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Search Results: 1 - 10 of 5051 matches for " Lisa Cook "
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Is the Cultural Transmission of Irrelevant Tool Actions in Adult Humans (Homo Sapiens) Best Explained as the Result of an Evolved Conformist Bias?
Nicola McGuigan, Daryl Gladstone, Lisa Cook
PLOS ONE , 2012, DOI: 10.1371/journal.pone.0050863
Abstract: Background Recent studies of social learning have revealed that adult humans are “over-imitators” who frequently reproduce a model's causally irrelevant tool actions to the detriment of task efficiency. At present our knowledge of adult over-imitation is limited to the fact that adults do over-imitate, we know very little about the causes of this behavior. The current study aimed to provide novel insights into adult over-imitation by extending a paradigm recently used with human children to explore social aspects of over-imitation. In the child study observers saw two models demonstrate a tool-use task using the same inefficient approach, or two models demonstrate different approaches to the task (one inefficient and one efficient). The manipulation of social influence came in the testing phase where the observer completed the task in the presence of either an inefficient model or an efficient model. Methodology/Principal Findings We adapted the paradigm used in the child study to provide the first systematic exploration of factors which may lead to adult over-imitation including: 1) the presence of the model(s) during testing, 2) the presence of a competing efficient task demonstration, 3) the presence of a majority displaying the inefficient approach, and 4) the ‘removal’ of the experimental context during task completion. We show that the adult participants only over-imitated in conditions where the inefficient strategy was the majority approach witnessed. This tendency towards over-imitation was almost entirely eliminated when the participants interacted with the task when they believed the experiment to be complete. Conclusions Our results suggest that adult over-imitation is best explained as a result of an evolved ‘conformist bias’ argued to be crucial to the transmission of human cultural behavior and one which may be unique in the animal kingdom.
Investor Na?veté and Asset Prices  [PDF]
Jonathan Cook
Journal of Mathematical Finance (JMF) , 2013, DOI: 10.4236/jmf.2013.34047
Abstract:

This paper describes strategic behavior in a nonequilibrium model of asset pricing with heterogeneous sophistication. Both risk and return are increasing in the na?veté of investors in the market. Optimal investment involves in considering the effect that na?e investors have on the market. Further, we derive a simple characterization of the asset price dynamics that results from an arbitrary combination of a countably infinite set of investor types.

The Drosophila foraging Gene Mediates Adult Plasticity and Gene–Environment Interactions in Behaviour, Metabolites, and Gene Expression in Response to Food Deprivation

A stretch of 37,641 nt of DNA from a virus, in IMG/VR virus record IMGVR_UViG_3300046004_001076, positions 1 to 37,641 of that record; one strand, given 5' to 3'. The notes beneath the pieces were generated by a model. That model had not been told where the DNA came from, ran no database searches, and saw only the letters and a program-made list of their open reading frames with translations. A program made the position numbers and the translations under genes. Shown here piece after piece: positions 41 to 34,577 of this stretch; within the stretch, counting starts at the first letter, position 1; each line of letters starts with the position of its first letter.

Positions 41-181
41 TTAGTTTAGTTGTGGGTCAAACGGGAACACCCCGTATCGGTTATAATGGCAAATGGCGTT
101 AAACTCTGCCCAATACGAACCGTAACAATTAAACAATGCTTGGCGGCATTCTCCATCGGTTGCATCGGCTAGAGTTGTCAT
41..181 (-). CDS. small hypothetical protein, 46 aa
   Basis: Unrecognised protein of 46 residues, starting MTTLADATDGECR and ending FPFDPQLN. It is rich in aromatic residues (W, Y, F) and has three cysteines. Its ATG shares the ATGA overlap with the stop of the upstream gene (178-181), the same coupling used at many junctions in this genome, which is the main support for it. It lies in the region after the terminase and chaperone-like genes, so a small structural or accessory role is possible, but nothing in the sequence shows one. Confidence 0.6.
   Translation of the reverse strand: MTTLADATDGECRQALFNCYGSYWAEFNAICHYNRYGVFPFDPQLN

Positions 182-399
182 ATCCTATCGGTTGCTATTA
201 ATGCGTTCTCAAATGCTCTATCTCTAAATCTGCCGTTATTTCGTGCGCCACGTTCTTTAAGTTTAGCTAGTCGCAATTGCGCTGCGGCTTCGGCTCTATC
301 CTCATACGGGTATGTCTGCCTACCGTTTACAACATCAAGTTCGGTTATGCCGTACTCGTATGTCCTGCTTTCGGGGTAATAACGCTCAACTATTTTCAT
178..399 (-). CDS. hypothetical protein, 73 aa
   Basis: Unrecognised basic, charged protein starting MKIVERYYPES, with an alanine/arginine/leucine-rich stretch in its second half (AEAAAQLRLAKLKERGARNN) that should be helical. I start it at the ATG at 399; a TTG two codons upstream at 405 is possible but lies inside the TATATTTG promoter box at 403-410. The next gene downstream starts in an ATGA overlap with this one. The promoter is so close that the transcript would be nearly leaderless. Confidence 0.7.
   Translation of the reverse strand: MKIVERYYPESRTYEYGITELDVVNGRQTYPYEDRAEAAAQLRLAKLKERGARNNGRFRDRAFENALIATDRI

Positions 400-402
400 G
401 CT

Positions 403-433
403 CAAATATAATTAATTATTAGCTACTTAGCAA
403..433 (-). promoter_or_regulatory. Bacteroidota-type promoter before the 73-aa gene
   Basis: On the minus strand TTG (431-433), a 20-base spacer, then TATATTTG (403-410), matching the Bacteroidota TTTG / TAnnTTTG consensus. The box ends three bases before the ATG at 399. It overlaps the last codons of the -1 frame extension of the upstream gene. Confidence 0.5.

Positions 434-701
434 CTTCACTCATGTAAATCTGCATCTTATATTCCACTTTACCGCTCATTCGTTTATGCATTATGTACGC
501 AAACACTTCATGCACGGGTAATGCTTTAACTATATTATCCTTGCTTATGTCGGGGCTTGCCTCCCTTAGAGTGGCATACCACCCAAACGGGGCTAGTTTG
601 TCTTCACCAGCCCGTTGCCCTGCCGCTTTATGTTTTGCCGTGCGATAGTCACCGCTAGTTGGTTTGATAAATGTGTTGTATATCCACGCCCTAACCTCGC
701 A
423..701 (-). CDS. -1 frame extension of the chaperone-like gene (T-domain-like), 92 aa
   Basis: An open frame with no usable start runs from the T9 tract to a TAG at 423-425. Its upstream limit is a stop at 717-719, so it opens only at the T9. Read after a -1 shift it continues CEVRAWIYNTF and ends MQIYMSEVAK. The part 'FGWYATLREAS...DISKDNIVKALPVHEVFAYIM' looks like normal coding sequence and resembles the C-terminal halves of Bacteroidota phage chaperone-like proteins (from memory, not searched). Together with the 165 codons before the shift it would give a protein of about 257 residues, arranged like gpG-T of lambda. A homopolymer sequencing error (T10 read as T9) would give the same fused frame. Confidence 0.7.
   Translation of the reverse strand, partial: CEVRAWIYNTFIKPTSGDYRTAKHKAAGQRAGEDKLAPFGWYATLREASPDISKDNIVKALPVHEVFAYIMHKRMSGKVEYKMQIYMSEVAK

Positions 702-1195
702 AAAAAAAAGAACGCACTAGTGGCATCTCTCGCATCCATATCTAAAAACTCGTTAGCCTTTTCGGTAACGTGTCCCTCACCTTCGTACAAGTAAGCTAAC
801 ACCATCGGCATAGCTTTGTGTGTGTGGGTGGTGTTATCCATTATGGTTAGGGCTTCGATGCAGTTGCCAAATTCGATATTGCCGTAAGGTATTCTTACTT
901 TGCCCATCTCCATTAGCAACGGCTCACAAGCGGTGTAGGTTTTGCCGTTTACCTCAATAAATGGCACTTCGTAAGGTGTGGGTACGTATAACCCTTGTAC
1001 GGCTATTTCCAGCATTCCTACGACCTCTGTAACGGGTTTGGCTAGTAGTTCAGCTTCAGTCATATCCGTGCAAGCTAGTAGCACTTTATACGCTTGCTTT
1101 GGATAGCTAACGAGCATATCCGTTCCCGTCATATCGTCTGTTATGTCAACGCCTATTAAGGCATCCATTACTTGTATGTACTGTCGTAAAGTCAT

Clement F. Kent,Tim Daskalchuk,Lisa Cook,Marla B. Sokolowski ,Ralph J. Greenspan
PLOS Genetics , 2009, DOI: 10.1371/journal.pgen.1000609
Abstract: Nutrition is known to interact with genotype in human metabolic syndromes, obesity, and diabetes, and also in Drosophila metabolism. Plasticity in metabolic responses, such as changes in body fat or blood sugar in response to changes in dietary alterations, may also be affected by genotype. Here we show that variants of the foraging (for) gene in Drosophila melanogaster affect the response to food deprivation in a large suite of adult phenotypes by measuring gene by environment interactions (GEI) in a suite of food-related traits. for affects body fat, carbohydrates, food-leaving behavior, metabolite, and gene expression levels in response to food deprivation. This results in broad patterns of metabolic, genomic, and behavioral gene by environment interactions (GEI), in part by interaction with the insulin signaling pathway. Our results show that a single gene that varies in nature can have far reaching effects on behavior and metabolism by acting through multiple other genes and pathways.
Reporting Science and Conflicts of Interest in the Lay Press
Daniel M. Cook, Elizabeth A. Boyd, Claudia Grossmann, Lisa A. Bero
PLOS ONE , 2007, DOI: 10.1371/journal.pone.0001266
Abstract: Background Forthright reporting of financial ties and conflicts of interest of researchers is associated with public trust in and esteem for the scientific enterprise. Methods/Principal Findings We searched Lexis/Nexis Academic News for the top news stories in science published in 2004 and 2005. We conducted a content analysis of 1152 newspaper stories. Funders of the research were identified in 38% of stories, financial ties of the researchers were reported in 11% of stories, and 5% reported financial ties of sources quoted. Of 73 stories not reporting on financial ties, 27% had financial ties publicly disclosed in scholarly journals. Conclusions/Significance Because science journalists often did not report conflict of interest information, adherence to gold-standard recommendations for science journalism was low. Journalists work under many different constraints, but nonetheless news reports of scientific research were incomplete, potentially eroding public trust in science.
Horizontal gene transfer between Wolbachia and the mosquito Aedes aegypti
Lisa Klasson, Zakaria Kambris, Peter E Cook, Thomas Walker, Steven P Sinkins
BMC Genomics , 2009, DOI: 10.1186/1471-2164-10-33